I’ll let you in on a little secrete here – like many vets I was about to discover that I had a God complex. I always thought I was pretty humble but after I had three patients die unexpectedly in a week, I felt an all-consuming responsibility for their deaths, I emotionally broke down and carted myself off to my psychologist. It was there she directly shattered my sense of self-importance for the better. She asked “Belinda, who made you so special that you are the only factor that affects whether or not a patient lives or dies…”
She then introduced me to the most valuable pie chart I’ve ever come across and tonight I’m going to share it with you. My hope is that when you have a patient die or there is a shitty outcome that you will not only think about Tiger’s scrotum, but that you will also think about the other factors that were at play.
If this pie chart makes up all of the different factors that can affect whether or not Tiger will have a giant water melon scrotum post castrate how much do you think is;
- How long the owners waited to bring him into the clinic?
- Next – how much is the amount of exercise that Tiger was doing at home?
- Right and how much do you think is the owners not reading the discharge paperwork you gave them?
- What about the owners not listening to the nurse when they told them to keep him quiet
- And what about your surgical technique – how much do you think was that you performed an open castration vs closed or that you didn’t specifically tie off the tunica.
- His age – was that a factor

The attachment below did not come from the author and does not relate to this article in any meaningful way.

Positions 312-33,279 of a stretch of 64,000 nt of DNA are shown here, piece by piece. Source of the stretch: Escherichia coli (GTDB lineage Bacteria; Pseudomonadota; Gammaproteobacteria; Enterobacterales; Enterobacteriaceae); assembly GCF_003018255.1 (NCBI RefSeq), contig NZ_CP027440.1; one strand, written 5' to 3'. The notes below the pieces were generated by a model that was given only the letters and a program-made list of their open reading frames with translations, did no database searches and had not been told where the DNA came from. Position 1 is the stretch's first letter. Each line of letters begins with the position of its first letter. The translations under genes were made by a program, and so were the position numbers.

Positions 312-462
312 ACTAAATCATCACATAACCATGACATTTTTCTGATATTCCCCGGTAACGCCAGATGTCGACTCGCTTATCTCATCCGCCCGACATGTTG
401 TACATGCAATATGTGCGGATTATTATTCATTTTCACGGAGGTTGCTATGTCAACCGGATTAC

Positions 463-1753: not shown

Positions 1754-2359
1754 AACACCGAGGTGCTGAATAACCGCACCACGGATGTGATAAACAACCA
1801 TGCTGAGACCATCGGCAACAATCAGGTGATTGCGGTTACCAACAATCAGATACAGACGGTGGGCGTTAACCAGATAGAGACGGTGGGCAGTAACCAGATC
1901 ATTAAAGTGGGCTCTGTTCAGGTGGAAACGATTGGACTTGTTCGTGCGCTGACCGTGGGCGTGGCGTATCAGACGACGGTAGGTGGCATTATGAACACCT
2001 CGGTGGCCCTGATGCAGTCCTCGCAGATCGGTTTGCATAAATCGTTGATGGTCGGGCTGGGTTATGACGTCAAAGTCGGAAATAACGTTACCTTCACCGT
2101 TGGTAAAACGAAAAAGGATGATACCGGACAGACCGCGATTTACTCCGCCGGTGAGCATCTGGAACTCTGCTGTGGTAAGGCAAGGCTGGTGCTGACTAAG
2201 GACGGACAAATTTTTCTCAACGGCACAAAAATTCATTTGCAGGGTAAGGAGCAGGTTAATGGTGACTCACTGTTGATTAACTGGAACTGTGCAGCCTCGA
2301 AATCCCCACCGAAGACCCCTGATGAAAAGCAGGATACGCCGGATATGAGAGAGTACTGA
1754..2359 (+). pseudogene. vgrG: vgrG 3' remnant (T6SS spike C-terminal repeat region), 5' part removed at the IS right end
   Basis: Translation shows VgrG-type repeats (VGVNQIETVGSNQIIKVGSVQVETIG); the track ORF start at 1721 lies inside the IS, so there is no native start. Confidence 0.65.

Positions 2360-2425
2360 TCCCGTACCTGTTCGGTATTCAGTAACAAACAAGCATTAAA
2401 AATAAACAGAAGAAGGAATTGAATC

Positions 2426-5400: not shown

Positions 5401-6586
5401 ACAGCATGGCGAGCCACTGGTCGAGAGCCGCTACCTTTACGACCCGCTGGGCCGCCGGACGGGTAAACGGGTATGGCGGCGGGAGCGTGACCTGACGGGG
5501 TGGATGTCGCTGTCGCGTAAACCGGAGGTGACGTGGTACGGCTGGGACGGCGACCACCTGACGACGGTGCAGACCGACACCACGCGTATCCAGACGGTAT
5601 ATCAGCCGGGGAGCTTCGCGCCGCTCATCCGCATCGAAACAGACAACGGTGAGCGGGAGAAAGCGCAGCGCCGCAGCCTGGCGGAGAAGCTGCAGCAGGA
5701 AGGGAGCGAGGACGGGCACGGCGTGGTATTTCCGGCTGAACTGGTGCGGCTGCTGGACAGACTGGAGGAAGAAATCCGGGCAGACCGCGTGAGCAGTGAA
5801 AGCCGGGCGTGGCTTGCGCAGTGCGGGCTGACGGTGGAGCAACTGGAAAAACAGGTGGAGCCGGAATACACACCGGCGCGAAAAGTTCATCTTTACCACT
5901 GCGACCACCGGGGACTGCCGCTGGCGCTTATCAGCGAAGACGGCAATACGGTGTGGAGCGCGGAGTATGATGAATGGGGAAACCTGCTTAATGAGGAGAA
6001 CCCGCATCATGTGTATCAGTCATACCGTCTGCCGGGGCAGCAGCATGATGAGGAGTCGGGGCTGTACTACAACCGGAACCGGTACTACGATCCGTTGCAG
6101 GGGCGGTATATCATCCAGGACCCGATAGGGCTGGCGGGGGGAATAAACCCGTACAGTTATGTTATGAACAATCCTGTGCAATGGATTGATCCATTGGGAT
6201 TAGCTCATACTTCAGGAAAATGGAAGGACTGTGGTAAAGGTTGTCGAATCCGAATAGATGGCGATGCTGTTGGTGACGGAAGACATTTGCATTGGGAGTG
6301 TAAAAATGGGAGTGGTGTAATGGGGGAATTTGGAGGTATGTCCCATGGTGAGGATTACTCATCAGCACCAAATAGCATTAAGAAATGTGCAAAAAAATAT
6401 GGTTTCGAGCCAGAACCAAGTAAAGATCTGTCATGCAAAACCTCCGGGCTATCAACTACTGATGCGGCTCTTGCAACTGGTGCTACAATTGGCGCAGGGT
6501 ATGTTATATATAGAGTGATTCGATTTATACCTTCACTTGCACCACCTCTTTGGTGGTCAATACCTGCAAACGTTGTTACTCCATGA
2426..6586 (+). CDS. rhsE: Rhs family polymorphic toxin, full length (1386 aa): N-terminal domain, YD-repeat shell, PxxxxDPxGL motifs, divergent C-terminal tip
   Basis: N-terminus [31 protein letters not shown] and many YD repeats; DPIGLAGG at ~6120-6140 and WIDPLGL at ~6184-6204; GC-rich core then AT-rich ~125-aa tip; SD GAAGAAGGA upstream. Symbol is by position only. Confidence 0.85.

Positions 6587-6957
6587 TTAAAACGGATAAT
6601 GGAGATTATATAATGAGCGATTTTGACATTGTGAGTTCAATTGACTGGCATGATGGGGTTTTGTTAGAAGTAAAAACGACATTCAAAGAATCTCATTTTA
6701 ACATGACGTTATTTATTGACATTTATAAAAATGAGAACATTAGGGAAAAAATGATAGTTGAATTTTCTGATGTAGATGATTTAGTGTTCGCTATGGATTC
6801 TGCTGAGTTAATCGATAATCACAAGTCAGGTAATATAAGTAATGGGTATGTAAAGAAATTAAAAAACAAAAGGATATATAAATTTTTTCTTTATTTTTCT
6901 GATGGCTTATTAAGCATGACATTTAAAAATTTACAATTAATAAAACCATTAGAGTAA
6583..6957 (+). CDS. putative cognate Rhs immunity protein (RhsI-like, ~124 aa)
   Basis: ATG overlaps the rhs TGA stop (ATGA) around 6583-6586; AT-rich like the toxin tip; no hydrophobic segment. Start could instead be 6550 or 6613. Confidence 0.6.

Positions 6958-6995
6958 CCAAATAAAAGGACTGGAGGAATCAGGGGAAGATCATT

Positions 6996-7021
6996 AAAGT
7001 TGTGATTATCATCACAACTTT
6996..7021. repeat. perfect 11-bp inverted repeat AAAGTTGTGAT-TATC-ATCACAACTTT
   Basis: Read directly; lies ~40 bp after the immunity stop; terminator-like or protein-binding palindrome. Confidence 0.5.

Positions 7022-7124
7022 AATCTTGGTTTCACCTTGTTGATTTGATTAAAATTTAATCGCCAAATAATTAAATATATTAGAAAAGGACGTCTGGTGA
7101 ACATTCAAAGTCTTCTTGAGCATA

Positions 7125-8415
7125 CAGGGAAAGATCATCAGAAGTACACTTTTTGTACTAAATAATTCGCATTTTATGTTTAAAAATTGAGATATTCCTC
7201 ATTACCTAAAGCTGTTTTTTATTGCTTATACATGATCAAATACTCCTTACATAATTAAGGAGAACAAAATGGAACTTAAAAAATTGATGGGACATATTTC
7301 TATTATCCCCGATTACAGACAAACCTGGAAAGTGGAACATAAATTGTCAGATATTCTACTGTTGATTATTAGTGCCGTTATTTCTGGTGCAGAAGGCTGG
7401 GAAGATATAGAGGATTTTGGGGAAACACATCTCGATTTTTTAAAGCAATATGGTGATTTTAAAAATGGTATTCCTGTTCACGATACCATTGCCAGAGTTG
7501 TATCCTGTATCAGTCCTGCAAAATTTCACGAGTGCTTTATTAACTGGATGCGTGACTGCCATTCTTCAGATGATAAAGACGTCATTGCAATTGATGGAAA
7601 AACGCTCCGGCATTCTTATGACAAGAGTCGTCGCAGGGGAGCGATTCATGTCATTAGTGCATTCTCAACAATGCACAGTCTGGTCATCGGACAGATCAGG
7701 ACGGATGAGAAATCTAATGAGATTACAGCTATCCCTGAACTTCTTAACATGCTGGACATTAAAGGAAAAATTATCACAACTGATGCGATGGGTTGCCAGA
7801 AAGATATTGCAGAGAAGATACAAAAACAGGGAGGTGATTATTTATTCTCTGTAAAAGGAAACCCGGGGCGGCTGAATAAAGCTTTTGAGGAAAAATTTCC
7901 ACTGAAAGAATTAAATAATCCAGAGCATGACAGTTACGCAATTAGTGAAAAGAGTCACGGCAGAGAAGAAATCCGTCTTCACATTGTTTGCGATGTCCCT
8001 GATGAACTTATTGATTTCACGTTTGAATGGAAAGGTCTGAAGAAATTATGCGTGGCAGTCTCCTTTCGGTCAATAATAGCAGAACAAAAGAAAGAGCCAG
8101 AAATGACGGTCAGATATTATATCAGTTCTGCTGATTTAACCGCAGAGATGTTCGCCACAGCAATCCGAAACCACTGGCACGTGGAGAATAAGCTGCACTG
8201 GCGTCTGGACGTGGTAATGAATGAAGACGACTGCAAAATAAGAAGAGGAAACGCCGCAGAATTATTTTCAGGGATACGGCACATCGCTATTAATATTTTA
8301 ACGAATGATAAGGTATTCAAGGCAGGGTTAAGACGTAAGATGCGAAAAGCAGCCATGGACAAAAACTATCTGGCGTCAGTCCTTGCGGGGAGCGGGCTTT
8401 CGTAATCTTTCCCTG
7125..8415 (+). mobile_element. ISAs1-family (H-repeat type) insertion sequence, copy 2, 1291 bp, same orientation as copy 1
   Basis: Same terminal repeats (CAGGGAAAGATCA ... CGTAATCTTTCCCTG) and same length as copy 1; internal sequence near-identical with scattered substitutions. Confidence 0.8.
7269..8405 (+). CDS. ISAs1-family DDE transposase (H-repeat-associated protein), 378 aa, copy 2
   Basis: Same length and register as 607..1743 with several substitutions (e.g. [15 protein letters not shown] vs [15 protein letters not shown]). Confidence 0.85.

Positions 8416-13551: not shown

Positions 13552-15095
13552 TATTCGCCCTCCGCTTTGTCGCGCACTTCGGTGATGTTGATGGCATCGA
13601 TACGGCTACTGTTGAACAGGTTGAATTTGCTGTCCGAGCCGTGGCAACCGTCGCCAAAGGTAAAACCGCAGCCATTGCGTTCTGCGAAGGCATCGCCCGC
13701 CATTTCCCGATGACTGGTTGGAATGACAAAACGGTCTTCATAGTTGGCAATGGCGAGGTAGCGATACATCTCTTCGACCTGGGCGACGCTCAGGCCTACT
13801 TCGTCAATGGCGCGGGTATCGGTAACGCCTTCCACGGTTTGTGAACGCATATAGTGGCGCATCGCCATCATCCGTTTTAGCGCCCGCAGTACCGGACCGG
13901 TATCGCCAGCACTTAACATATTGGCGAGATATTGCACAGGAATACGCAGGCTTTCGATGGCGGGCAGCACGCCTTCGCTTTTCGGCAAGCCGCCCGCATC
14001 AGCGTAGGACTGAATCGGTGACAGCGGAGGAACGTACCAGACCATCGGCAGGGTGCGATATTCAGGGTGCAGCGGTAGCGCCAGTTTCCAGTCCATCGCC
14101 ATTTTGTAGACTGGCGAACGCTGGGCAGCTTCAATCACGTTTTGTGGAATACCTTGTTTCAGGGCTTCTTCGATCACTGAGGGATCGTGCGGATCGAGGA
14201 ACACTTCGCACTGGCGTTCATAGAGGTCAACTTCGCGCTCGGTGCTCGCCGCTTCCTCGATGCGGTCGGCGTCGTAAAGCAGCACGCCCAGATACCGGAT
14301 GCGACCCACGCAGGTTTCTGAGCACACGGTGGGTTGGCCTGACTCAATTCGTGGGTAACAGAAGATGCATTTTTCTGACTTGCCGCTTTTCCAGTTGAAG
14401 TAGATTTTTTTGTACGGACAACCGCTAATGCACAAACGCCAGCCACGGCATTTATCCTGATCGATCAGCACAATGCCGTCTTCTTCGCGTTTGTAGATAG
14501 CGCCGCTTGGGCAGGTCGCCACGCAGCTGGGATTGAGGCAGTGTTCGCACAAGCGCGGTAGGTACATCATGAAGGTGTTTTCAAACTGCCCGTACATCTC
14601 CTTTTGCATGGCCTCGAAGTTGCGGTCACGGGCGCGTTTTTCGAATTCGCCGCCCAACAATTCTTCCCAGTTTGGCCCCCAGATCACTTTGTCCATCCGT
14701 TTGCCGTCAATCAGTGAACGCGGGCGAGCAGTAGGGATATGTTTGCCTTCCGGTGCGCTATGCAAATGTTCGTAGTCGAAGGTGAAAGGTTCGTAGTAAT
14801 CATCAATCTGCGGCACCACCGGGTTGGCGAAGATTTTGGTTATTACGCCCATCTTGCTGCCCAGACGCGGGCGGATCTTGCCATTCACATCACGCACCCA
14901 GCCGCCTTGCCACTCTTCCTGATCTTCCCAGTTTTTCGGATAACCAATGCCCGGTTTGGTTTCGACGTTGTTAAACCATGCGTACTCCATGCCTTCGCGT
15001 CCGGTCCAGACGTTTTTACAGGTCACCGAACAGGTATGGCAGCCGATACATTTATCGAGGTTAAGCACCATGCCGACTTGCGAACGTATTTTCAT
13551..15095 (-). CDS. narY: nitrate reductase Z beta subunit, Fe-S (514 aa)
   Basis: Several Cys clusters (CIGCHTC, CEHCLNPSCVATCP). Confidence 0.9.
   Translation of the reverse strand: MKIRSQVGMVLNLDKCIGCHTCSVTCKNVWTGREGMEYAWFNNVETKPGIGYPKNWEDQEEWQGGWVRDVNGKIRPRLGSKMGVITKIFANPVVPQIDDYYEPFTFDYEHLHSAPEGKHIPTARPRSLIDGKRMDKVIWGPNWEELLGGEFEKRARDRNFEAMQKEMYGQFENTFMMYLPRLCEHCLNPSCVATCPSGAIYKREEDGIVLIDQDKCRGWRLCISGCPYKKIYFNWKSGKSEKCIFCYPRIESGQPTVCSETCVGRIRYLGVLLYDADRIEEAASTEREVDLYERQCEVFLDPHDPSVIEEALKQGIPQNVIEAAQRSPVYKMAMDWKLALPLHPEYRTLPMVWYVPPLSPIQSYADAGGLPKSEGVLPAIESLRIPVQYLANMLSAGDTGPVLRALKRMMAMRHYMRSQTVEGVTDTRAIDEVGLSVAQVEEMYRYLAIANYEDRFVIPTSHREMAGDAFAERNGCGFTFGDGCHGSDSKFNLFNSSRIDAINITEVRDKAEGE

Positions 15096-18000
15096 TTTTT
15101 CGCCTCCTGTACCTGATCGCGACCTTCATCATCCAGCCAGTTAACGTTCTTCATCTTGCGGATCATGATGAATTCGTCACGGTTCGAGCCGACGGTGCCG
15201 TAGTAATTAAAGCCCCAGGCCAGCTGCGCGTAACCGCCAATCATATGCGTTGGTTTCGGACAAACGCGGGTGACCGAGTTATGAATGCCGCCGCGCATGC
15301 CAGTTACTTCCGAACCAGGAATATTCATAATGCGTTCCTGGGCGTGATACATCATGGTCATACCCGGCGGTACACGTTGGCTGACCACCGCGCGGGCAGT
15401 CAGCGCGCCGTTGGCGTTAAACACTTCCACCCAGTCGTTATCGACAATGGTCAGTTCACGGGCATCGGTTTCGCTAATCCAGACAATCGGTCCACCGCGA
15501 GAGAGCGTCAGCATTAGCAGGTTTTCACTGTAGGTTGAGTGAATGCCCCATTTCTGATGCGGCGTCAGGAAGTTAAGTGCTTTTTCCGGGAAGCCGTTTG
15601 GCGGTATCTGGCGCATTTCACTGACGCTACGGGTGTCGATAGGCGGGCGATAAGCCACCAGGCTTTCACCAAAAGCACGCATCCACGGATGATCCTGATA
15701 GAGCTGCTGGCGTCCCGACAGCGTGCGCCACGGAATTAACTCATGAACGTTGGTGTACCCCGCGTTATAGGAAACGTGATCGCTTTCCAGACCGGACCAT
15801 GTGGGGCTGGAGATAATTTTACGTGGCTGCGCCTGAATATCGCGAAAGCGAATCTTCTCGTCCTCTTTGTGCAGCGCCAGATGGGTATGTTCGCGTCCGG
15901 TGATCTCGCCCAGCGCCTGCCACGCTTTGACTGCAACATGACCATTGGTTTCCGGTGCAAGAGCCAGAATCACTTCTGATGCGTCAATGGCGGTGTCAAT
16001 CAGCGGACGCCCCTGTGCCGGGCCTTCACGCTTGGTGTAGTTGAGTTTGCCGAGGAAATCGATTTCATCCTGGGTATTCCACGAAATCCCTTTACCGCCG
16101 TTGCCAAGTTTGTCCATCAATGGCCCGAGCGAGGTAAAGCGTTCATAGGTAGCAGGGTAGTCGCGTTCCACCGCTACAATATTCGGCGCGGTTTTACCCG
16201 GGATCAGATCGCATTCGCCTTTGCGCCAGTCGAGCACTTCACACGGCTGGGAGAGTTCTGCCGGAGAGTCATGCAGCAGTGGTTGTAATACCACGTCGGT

Now this simple exercise allowed me to see that I was in fact NOT the only factor that affected the state of poor Tigers scrotum. This has been invaluable to me over the years. To get my head around patient deaths or unexpected outcomes, sitting down and looking at all of the potential factors and seeing that I am not the one single reason has saved me so much anxiety and self-induced heartache and stress.
Since graduating I’ve become a certified veterinary acupuncturist, I’ve felt like I’ve made a difference to our profession by being the leader I always wanted, I’ve created my own personal brand Dr Belinda The Vet, found a passion for blogging and sharing this brilliant profession with the world, discovered that there are very few social media platforms that can’t be used to show off behind the scenes footage of the vet hospital and feel grateful that I am able to connect with vet students, vet nurses and aspiring vets all of the globe.
Now you will all have your own Tiger's. My advice is to find a supportive workplace. If you find yourself in one that doesn’t have a good “feel” then don’t put up with it. Leave. Life is too short to miserable and trust me it’s liberating. If the right environment doesn’t exist then what is stopping you from creating it? You don’t have to be the boss, the business owner or a senior vet to create change. If the people surrounding you don’t agree with being a part of supportive workplace then look for people who are.
And finally I want to share one of my most memorable patients with you. His name was Rodney, he was a Guinea Pig who travelled in to the vet on the back of a motorbike for his acupuncture appointment. And that my friends is why being a vet is AMAZING! May you meet many Rodney’s and very few Tiger B's.
Love Dr Belinda
Modified from my speech at the University of Sydney Veterinary and Animal Science Students and Alumni Awards night.